Michael Garcia is leading a probe in to the bidding processes for the 2018 and 2022 finals which resulted in Russia and Qatar being named host nations.
And the American attorney is due to begin his investigation by speaking to representatives of England's failed 2018 campaign, including the bid's chief executive Andy Anson.
Garcia's work is expected to take several months and will focus entirely on possible violations of FIFA's code of ethics.
And that means he will have no say in whether the 2022 tournament is moved - either from summer to winter or away from Qatar altogether.
A statement from FIFA confirmed as much and asked for help in gathering evidence of any misconduct.
It read: "We will consider any allegations and evidence indicative of such violations, and we urge anyone with potentially relevant information to contact us now.
"We emphasise that the FIFA code of ethics provides anonymity protections in appropriate circumstances.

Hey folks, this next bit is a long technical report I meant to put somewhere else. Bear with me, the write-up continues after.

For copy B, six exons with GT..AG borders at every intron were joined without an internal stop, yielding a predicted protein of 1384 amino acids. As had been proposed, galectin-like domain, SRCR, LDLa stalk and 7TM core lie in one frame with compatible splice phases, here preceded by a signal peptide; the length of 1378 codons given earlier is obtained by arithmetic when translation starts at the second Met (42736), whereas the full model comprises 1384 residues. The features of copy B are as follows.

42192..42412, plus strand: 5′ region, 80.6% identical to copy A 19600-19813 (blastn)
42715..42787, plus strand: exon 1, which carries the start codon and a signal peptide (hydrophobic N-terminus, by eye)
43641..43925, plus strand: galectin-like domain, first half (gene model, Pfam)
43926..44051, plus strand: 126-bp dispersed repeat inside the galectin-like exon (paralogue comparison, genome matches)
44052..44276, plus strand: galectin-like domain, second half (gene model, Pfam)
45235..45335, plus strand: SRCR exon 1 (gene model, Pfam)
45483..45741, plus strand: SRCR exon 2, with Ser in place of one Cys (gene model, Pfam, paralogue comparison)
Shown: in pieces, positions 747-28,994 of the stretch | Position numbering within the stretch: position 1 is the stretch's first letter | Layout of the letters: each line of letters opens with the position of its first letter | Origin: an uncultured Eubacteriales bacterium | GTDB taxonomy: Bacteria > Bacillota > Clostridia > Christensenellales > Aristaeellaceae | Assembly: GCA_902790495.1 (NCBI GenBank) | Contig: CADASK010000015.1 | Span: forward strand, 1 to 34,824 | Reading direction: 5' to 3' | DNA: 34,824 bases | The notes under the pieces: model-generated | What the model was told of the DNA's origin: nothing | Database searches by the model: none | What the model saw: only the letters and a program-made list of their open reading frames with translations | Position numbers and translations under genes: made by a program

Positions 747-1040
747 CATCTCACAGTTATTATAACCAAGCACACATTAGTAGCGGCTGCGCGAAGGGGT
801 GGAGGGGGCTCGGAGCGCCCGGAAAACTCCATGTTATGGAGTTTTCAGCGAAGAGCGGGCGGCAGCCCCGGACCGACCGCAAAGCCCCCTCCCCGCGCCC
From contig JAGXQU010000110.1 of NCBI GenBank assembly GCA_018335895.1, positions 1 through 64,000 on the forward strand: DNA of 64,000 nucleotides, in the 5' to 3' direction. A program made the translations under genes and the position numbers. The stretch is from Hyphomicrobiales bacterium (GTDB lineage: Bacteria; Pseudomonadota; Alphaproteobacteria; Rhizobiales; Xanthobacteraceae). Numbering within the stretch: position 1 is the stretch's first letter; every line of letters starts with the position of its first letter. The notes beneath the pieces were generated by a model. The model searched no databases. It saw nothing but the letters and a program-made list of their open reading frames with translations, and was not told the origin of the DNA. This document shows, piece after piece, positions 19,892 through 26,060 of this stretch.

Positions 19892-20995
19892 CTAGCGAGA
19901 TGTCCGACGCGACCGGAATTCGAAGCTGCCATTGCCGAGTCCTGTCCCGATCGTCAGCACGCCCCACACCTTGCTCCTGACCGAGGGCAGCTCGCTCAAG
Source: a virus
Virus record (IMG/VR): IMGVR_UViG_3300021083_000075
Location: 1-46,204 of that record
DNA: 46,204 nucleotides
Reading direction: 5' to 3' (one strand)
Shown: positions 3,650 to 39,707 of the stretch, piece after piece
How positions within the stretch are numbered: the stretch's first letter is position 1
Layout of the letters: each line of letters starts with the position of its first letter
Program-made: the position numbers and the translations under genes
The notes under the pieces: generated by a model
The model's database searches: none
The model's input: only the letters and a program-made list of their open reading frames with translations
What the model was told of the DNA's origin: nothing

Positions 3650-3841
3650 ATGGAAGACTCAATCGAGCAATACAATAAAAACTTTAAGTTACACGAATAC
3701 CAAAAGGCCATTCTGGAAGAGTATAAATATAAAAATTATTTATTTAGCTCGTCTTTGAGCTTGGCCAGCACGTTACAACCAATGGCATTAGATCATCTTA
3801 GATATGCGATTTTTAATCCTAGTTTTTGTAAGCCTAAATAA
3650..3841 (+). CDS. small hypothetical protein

"As in every case, we will use all investigative tools available to us under the FIFA code of ethics. These tools include the authority to impose disciplinary measures against anyone who breaches an obligation to cooperate with the investigation."
Garcia will hand over to his deputy, Swiss Cornel Borbely, for interviews with teams from Russia and the United States to avoid a conflict of interest.
The lawyer is barred from Russia for his role in prosecuting an arms dealer from the country.